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Discussion Starter #1
My wife and I recently purchased a 2005 Coleman Niagara pop up camper. We're going to be towing it with our Sorento.

Dry weight of the camper is 29XX, so it's possible. GVWR for the camper is 37XX, so it's also possible to exceed stock rating. Here are all of my questions. And before anyone says "Use the search function you idiot," know that I've already done it. There were no clear answers, and I read quite alot.

1. Has anyone ever found the GCWR for the XM Sorento?
2. Does anyone have experience with any heavy duty aftermarket hitches (5000lb rated)?
3. I hear that our same vehicle in Australia is rated for ~5K lbs. towing? True? Why?
4. Anyone have any recommendations regarding load distribution and its necessity?
5. The stock trailer PREP package. I've read a little about it, but I can't figure out what exactly it includes. I have heard rumors of additional transmission coolers with the package. Can someone verify?
6. Supposedly the new Sorento that will be sold as a '14 here has a heavier tow package available in Australia now. Isn't the '14 mostly a cosmetic update? Anyone have any info on whether or not our '14 will get the same?
7. Anybody done any extensive towing with anything this heavy? (Yes, I saw the "What's the most you've towed" thread.)

Thanks for reading, and thanks in advance for any help you may be able to offer.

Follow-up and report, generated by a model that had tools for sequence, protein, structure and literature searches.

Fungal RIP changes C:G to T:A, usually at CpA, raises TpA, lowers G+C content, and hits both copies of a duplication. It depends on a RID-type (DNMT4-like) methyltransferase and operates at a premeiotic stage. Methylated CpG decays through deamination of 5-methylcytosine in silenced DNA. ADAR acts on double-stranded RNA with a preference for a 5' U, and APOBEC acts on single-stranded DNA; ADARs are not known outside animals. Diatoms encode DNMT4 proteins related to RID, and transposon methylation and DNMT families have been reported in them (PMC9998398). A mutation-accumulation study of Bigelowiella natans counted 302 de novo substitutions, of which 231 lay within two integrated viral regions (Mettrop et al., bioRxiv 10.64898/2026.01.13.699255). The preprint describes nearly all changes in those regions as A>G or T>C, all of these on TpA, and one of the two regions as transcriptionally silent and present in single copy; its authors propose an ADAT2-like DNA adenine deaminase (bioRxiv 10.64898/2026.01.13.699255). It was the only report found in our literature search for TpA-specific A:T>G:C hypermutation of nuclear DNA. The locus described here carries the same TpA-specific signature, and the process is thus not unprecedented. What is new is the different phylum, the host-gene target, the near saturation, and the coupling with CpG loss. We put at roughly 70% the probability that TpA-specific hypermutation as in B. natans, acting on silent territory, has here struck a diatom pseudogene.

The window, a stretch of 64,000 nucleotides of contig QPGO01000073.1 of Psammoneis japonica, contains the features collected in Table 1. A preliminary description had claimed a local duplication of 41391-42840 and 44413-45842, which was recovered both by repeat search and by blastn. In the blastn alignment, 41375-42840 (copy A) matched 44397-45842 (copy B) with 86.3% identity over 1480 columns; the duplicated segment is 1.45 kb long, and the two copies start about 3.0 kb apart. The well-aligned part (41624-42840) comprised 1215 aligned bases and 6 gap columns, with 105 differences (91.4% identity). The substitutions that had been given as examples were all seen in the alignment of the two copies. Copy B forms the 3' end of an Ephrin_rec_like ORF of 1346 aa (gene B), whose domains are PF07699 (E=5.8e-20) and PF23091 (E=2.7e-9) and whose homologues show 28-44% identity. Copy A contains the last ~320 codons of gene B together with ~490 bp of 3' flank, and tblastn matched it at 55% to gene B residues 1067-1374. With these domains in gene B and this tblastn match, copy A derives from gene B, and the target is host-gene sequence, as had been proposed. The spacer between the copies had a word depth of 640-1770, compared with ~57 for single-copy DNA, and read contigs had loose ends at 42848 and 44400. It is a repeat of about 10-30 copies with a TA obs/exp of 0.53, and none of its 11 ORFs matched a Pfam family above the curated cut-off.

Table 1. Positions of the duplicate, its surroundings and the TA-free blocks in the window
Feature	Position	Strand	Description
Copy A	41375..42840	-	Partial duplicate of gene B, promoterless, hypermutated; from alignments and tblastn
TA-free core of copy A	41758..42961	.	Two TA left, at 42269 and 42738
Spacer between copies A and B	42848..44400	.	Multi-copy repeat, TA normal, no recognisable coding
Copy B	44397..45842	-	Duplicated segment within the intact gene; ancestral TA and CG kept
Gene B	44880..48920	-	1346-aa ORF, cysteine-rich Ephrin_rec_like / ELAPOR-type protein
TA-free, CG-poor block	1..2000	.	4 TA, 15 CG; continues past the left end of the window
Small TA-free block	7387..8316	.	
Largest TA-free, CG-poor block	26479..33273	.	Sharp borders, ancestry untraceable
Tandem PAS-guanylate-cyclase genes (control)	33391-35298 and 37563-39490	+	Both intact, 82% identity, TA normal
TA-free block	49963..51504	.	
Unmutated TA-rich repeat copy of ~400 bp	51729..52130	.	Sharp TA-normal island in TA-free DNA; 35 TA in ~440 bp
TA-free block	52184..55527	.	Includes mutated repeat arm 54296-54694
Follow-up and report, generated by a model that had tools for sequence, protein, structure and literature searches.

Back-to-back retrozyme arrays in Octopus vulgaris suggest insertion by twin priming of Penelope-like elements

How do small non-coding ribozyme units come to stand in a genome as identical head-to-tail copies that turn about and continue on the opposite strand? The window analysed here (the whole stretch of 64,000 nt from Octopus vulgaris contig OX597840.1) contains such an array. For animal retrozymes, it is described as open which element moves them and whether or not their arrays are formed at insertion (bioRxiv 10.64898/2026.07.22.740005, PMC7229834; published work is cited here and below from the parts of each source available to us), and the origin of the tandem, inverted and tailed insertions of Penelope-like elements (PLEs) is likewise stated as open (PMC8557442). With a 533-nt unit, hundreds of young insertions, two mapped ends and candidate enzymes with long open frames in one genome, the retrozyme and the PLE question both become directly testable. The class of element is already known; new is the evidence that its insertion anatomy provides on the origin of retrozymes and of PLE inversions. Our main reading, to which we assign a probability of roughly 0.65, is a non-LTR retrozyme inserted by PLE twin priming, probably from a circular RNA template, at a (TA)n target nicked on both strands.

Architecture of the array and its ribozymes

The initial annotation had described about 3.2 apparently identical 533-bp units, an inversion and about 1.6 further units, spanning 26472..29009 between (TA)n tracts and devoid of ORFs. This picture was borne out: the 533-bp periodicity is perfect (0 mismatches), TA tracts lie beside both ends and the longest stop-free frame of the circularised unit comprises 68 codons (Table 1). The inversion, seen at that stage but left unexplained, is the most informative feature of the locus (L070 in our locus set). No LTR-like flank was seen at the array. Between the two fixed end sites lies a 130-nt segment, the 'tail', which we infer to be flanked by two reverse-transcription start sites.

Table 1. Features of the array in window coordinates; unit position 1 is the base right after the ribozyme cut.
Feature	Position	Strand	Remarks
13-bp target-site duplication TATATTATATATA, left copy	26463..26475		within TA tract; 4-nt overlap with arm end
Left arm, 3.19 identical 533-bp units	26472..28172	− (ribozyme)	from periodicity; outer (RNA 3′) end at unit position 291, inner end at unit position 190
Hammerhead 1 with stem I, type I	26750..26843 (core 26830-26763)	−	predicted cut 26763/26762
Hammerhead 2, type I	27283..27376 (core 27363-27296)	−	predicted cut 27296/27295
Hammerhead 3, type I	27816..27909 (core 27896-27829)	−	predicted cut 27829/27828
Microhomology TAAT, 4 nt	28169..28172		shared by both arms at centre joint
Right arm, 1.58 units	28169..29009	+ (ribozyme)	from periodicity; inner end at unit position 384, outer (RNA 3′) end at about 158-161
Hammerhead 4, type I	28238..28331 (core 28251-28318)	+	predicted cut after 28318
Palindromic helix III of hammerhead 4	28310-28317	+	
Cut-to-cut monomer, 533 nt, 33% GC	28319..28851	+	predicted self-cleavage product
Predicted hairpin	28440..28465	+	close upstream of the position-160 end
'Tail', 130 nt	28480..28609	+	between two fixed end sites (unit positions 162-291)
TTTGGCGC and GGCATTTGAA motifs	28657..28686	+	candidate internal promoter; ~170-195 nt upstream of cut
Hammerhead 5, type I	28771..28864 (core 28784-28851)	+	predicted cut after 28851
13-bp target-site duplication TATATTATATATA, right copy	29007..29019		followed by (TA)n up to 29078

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2013 Sorento, Suzuki V-Strom
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Aaron, are you in the U.S.? Your location makes a difference.

4--Cequent (Reese, Draw-tite, Hidden Hitch brands) has their 75684 hitch receiver that is rated for 5000# as a weight distributing hitch. This could be combined with their "350 mini" WD system or their "Light Duty" WD system would do the job and add the least amount of weight that the back of the car has to carry. I don't know for sure if the rear sub-frame of the Sorento can carry the WD load, but if Cequent say it can, then it is probably OK. Weight distribution levels the tow vehicle. Two big advantages of it are that the level car has the correct steering geometry in the front end (raising the front by weighting the rear changes the front alignment) and the front tires have the weight on them for max braking effect.

5--I think the trailer package has much of the wiring already built in so a different kit is used for the trailer plug. Your trailer does have trailer brakes, yes? I think they'd be essential with a trailer of that weight given the limited brakes of the Sorento--OK for the car but not car & heavy trailer. If the trailer has electric brakes I greatly prefer the proportional trailer brake controllers, not the pendulum type and never the time-based type. Tekonsha/Draw-Tite, Hayes, Hopkins, maybe others make the automatic leveling proportional controllers. Cequent does not offer a good controller under the Reese label. You'll need a 7-pin trailer plug with electric brakes...tail lights, left signal, right signal, brakes, battery charge, negative, maybe back up.